I guess I should go into more detail about how I made the last map in gimp. At this point pretty much everyone who played or especially worked on last serb knows how cursed this knowledge really is, but wgen and its variants make the most boring maps imaginable and I'm really sick of playing on them. Just make sure to do lots of testing and double-check the colors in your biomes values.
I started with an IRL river that I grew up next to and wanted to capture the some of the feelings of. I found heightmaps of it, but I could tell just by looking at them they wouldn't work well in wurm. So I traced the outlines of the rivers and made up my own heightmap. Set gimp to grayscale 16-24 bit color,I forget which, single layer PNG. This is hard to work with if you're using a real thing as a basis, so you can just manually export one single layer at a time as you work. I suggest starting with not-quite-black and painting the rivers over it. You can mess with the opacity of your layers and your brush to get better views and softer edges. Do some google searching for "scatter brushes" or "dust/particle" and download some free ones, they're more useful for biomes but you can have fun in the heightmap too. Most IRL rivers flow through the low point between hills and mountains, and this one in particular is a bit south of a very famous gorge in the pacific northwest. Use high-opacity fuzzy edge brushes to make nice pale smudges beside your river, maybe leaving some space for floodplains or lowcountry (another place I lived near was a flat coastal marsh). Narrow and harden your brush over several passes and try to bring each mountain to a ridge or a line. IRL mountains are most commonly ridges like >>293860
, not singular pointy things with snow on top. Even then, they're usually much more rounded and less pointy. After lots of tests in-game (about 15 for the heightmap alone) I eventually used lots of blurring and smudging to make the terrain flow together more naturally, which took out some of the hard ridge shapes. I figured this was okay, mostly because I'd already spent like 15 hours on the heightmap and wanted to move on.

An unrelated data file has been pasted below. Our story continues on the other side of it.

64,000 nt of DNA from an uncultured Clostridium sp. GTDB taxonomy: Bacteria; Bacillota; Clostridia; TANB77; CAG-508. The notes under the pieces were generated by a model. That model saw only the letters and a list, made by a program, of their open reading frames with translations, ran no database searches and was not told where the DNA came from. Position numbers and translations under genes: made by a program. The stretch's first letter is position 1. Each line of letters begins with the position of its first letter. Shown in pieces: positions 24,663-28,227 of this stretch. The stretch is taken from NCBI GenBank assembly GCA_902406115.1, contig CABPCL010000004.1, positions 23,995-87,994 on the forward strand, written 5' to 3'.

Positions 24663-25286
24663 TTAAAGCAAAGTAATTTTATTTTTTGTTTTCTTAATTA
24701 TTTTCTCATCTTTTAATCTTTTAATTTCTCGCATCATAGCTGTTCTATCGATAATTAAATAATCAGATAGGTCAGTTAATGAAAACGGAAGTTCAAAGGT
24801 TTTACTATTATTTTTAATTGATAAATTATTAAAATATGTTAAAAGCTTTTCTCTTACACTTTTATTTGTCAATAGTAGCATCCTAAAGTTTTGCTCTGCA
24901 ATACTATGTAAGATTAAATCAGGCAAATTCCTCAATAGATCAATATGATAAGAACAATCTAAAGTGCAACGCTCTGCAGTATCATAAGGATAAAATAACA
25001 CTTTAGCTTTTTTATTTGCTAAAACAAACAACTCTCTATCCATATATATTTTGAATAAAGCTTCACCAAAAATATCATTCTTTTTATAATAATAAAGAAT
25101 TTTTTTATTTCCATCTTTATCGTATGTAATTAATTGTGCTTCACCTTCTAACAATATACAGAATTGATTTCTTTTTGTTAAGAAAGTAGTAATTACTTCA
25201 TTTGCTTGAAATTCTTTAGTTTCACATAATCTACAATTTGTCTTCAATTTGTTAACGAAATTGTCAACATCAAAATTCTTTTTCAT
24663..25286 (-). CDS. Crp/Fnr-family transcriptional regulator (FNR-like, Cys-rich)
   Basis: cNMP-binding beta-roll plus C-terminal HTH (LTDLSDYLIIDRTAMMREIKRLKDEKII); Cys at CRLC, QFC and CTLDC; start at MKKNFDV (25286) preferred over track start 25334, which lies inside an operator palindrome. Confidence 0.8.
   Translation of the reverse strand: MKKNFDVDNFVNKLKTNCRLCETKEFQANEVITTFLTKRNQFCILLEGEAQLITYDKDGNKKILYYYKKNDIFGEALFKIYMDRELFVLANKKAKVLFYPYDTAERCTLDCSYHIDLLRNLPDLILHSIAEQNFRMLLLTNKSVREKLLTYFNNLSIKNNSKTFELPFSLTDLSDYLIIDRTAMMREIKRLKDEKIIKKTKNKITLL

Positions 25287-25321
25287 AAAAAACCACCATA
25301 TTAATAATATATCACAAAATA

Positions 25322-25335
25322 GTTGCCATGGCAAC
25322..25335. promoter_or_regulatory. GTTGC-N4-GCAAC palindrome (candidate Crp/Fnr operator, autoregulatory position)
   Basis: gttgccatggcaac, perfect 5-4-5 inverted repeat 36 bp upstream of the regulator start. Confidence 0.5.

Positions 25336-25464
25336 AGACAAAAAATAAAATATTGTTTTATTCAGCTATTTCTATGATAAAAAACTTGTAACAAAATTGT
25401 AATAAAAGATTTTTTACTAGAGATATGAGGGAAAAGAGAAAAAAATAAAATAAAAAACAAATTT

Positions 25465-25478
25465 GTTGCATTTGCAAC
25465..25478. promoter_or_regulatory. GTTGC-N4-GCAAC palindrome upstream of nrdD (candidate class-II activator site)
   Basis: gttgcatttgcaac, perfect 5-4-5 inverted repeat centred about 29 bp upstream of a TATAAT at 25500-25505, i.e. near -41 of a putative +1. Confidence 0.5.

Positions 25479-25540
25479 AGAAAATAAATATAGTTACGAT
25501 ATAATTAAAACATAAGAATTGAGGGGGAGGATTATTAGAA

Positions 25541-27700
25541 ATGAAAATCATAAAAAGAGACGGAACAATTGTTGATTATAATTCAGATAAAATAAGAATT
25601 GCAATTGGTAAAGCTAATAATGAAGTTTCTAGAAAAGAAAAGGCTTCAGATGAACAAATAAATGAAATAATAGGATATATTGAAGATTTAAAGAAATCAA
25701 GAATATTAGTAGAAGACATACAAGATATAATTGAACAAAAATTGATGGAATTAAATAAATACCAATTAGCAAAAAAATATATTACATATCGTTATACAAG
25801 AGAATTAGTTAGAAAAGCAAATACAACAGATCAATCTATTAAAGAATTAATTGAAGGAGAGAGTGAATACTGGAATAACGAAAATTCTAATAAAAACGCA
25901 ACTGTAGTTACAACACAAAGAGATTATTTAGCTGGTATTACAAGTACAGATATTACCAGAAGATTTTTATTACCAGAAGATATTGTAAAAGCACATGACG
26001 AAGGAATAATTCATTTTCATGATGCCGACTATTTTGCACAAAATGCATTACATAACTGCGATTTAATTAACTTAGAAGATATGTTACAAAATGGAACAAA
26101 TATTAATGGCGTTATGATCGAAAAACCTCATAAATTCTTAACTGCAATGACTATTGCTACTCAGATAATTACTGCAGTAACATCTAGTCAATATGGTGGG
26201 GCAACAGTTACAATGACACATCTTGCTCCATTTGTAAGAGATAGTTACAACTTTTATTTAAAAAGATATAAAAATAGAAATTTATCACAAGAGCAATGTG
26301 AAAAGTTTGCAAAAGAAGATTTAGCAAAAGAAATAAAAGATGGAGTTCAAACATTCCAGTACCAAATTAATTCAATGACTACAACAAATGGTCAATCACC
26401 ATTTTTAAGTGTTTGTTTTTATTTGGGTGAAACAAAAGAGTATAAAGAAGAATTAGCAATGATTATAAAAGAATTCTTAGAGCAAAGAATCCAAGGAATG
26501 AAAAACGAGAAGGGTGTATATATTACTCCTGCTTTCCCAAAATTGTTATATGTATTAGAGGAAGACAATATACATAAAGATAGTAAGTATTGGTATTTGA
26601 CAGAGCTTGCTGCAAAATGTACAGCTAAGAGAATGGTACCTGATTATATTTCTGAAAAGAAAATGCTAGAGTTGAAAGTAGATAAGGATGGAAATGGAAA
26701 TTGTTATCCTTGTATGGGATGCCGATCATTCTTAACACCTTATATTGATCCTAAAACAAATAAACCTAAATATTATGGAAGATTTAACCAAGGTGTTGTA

Painting biomes is even more cursed. One of the wgen variants I don't remember has an "import height map" button. The biomes map I included here is an early WIP version since I cleaned my desktop a few days ago and deleted most of my work without bothering to back it up first (oops). Most wgen programs can export a png of biomes when finished, and you can easily color-pick the stuff you want. There's also a forum post somewhere that has a huge list of every tile type and its RGB values. The pitfalls with this method are obvious, the colorcode for kelp is almost identical to grass, and somehow the two got mixed up in an early build like I mentioned in >>296134
. Another one was the birch tree / lavender bush issue. The forum post I found falsely listed a "generic bush" and "generic tree" color, which I assumed meant "put a tree/bush here and randomly generate which one later." I liked that idea, but also liked having some homogeneous forests and biomes, but ultimately failed to make a mixture. I wish I still had the finished biomes image we used, because you could clearly see that some biomes followed the shore and height very closely. This was deliberate, wgens usually include an "elevation map" too, much like what livemap uses on that setting. I opened one of these in gimp, put it underneath my WIP biomes image, and used fuzzy select around the conveniently-placed elevation demarcation lines for most of the biomes I painted. For trees and bushes I used free scatter-powder brushes like mentioned earlier.
Once you've done this, plug your heightmap into a wgen program, drop your dirt, then import your biomes file confident that fucking up at this stage might only cost you as little as 30 seconds of time. Or more, if you do the kelp thing too.
Oh, and certain things like clay and tar are much better placed with the wgen tool, or in-game. I sincerely hope some of you use this knowledge better than I did and add to it, something that desperately needs researching is hand-painting the cave layer.
Anyone want to know anything else, or just want to point and laugh at the guy who spent weeks >painting maps in gimp